Simon Miller Team : Web Development Tags : Web Development MVC


Simon Miller Team : Web Development Tags : Web Development MVC

I have recently started work on an exciting new project that saw me unshackled from the confines from a CMS. Free as a bird, I’ve delved head first into the new world of Visual Studio 2013, .NET 4.5, EF6 and MVC5... OMG I’m loving it.

The first new feature I learned of was Microsoft’s new authentication provider with the Identity model architecture, which led me into learning about OWIN. OWIN – the Open Web Interface for .NET – is a new industry specification outlining a standard interface between .NET web servers and applications, primarily authored by developers of the ASP.NET team. The purpose of OWIN is encourage the development of modules that serve the goal of bridging this server-application divide. One such example is SignalR, a framework that has been around for a while now, that allows a developer to create real-time client side updates from server-side applications – but the real highlight is that it can communicate with multiple connected clients at once. For example, you could create a Skype-style chat system with SignalR.

What I found most exciting about the OWIN modules that came pre-loaded into a new MVC5 application were those that directly helped me with my new project requirements – those that integrated with the new Identity security model. The new model is worthy of a blog itself, but I wanted to bring attention to the OWIN modules used for connecting external authentication systems, such as Facebook.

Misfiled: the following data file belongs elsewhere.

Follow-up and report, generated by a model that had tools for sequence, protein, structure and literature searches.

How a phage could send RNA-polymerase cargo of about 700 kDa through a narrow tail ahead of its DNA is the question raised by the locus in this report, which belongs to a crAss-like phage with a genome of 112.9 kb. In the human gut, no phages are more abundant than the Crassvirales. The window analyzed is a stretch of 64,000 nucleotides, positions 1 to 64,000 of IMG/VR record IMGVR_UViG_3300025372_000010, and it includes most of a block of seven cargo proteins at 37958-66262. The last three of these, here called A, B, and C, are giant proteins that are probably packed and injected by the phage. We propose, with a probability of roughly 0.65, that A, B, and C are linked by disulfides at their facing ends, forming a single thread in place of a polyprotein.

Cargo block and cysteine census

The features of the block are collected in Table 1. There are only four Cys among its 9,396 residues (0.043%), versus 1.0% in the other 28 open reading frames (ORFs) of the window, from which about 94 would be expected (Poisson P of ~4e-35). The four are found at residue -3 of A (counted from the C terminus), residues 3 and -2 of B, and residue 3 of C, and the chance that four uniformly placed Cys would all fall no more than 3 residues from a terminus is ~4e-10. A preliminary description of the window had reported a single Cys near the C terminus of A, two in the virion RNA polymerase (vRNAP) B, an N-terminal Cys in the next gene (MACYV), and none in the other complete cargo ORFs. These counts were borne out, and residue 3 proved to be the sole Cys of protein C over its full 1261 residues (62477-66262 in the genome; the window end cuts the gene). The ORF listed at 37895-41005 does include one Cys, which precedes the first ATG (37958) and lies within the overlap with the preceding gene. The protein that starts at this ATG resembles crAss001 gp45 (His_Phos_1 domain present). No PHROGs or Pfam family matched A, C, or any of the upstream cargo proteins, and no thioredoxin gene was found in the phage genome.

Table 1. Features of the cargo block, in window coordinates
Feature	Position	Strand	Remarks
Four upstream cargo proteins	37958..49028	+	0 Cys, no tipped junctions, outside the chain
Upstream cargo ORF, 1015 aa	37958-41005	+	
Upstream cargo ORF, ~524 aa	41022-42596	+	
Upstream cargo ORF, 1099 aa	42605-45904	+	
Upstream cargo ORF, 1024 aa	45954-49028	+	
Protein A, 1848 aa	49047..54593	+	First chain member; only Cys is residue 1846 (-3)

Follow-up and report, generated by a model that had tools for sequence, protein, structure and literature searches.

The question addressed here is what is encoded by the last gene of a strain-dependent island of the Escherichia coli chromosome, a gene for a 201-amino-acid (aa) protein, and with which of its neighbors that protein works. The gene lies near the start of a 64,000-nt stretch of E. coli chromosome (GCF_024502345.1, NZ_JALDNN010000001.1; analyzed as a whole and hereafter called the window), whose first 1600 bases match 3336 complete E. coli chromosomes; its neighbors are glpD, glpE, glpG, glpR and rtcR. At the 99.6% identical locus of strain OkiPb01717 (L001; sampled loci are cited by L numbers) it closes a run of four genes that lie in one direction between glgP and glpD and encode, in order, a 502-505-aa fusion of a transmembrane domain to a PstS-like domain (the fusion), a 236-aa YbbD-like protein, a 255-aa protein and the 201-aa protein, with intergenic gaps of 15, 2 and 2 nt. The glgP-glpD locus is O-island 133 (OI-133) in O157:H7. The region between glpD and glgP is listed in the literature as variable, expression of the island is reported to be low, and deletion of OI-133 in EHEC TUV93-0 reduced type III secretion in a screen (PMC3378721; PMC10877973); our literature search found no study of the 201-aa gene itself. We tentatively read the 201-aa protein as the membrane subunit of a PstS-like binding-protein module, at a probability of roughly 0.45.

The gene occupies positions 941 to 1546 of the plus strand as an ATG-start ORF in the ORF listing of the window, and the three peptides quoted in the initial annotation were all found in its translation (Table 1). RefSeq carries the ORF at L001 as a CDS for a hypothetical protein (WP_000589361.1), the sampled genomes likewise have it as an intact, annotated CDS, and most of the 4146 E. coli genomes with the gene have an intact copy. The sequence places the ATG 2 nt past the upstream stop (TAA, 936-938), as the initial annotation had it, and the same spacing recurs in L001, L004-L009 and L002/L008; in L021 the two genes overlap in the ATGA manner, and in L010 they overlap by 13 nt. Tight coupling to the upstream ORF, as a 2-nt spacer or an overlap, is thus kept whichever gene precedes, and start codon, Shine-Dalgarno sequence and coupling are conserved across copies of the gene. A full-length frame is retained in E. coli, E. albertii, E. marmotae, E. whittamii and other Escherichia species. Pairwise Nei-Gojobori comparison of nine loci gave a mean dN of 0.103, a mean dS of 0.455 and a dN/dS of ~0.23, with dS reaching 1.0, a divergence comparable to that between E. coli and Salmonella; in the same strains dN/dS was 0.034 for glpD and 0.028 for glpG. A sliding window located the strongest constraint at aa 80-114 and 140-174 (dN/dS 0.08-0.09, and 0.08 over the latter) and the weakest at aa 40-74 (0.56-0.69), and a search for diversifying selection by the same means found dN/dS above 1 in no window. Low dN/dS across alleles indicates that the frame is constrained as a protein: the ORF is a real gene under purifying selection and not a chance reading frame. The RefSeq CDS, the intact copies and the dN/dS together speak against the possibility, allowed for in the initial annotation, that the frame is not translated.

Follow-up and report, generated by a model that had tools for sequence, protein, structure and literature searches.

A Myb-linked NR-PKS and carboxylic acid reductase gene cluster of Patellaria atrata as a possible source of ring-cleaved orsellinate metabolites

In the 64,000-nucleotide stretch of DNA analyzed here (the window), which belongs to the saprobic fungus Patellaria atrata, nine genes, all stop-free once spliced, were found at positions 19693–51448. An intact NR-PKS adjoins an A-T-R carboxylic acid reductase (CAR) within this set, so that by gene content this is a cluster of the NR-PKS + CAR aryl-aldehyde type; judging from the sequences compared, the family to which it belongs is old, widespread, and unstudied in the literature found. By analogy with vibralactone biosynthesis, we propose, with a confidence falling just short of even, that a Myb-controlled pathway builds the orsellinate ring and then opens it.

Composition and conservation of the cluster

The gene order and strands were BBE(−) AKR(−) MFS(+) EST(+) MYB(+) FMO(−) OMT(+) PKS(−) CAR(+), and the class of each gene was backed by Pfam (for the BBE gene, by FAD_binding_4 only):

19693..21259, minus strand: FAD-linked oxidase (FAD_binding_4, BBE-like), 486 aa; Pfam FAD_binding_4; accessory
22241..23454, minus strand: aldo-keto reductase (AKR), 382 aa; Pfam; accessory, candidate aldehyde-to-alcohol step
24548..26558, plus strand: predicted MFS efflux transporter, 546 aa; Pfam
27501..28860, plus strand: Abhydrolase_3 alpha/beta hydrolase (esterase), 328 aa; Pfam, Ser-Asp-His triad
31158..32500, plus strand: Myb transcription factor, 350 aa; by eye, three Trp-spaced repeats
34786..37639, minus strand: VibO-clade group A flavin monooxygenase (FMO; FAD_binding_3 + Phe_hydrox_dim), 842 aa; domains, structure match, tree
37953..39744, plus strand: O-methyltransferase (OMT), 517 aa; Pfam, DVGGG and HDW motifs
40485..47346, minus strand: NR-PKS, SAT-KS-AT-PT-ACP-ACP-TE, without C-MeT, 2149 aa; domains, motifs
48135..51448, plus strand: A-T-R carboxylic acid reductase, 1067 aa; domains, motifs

One aspect of developing websites I always groan about is when I see the little Facebook Connect (or Google+, or Twitter..) login icons on a prototype. “This way lies madness” I think to myself, as I imagine configuring convoluted JavaScript libraries or no-longer-maintained .NET wrappers to allow users to skip regular registration via a form. Every time I do one of these implementations I find that the architecture has moved on another point release and I have to work out how to do it all again.

By default, a newly created MVC5 application with Bootstrap has the Identity security model configured and ready to go. Unfortunately for those of us who prefer database-first development it appears locked to code-first development (if there is a clean way around this, I haven’t found it yet) but that aside the convenience of having all your security taken care of almost automatically is far too enticing to ignore.

In your /App_Start/Startup.Auth.cs you may already find this code commented out:

You can already see how simple this will be. By un-commenting the app.UseFacebookAuthentication code and providing your Facebook application’s ID and Secret code, you have instantly enabled Facebook authentication for your website. In the example Bootstrap site, a Facebook button has appeared in the Login/Register form that works as you would expect. Pressing it redirects you to where you must login then agree to the connection, before being redirected back to your Bootstrap site where you can complete the signup form. The code can be expanded upon to request higher permissions from the user, and also store the returned information as Claims (see ‘further reading’). By default, all data for authentication is stored in the automatically-created Identity database tables for User, UserRoles, UserLogins and UserClaims.

My site required authentication via Facebook, Google, Twitter and LinkedIn. The default implementation does not include LinkedIn, but remember that OWIN is modular and that means that there is a good chance somebody has already written a module and included it as a NuGet package. Search for “Owin.Security.Providers.LinkedIn”, install it in your website and add and configure this instantiating code, again to Startup.Auth:

You have now enabled authentication with LinkedIn.

For further reading: and